Is Good Friday the one holiday that's immune to the sort of commercialization that's plagued Christmas, Easter, and just about every other religious holiday you can think of? A stirring piece by David Rensberger at Beliefnet argues that today--Good Friday--is the one Christian holiday that our consumer culture can't easily commercialize:
Good Friday is the one Christian “holiday” that the wider culture, even in America, has not taken up. It is the one holy day whose Christian significance cannot be bleached out to leave a commercially viable residue. Christmas can be for children and families, for shopping, for feasting. Easter can be bunnies and baby chicks, the newness of spring and a whole lot of chocolate. Even a couple of days marked out to honor saints in some Christian traditions—Valentine, Patrick—have been pretty much entirely taken over by a culture of romance and hedonism, sex and shopping.
Not this day. There is nothing marketable about Good Friday. Suffering, sacrifice, injustice, betrayal—what’s to celebrate? What’s to shop for? Who could pig out on a day like that?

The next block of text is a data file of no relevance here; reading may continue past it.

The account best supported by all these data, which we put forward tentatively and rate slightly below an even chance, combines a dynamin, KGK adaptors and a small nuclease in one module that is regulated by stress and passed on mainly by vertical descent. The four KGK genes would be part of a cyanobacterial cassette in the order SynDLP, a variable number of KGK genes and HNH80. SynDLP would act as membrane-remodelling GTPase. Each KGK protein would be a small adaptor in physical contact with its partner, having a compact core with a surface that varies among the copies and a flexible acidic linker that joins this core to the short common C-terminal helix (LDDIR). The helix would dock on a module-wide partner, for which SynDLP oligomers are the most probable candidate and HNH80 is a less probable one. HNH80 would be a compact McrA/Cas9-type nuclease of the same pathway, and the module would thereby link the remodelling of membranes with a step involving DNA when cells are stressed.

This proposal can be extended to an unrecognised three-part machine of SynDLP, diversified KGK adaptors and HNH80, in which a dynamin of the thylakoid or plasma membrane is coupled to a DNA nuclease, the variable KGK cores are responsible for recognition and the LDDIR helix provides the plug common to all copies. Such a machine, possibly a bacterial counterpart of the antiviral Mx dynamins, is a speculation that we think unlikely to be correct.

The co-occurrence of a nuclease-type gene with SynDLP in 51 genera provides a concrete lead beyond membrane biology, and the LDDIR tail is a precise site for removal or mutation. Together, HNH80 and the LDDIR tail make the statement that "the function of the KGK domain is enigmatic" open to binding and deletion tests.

Good Friday really does have a different feel, doesn't it? It's somber and reflective; there is a grand celebration on the horizon (this coming Sunday), but today is different. Today we don't exchange gifts or buy cards. Today we reflect on the cost of our salvation.
I won't wish you a "happy Good Friday," because even antipating the joy of Christ's resurrection, this isn't a happy day. Instead, I hope you'll have a reflective Good Friday. In two days, when we celebrate the most amazing event in human history, our greetings of "happy Easter!" will be all the more meaningful if we've first taken time to ponder the sober message of Good Friday.
Have a reflective Good Friday, then, and a blessed Easter.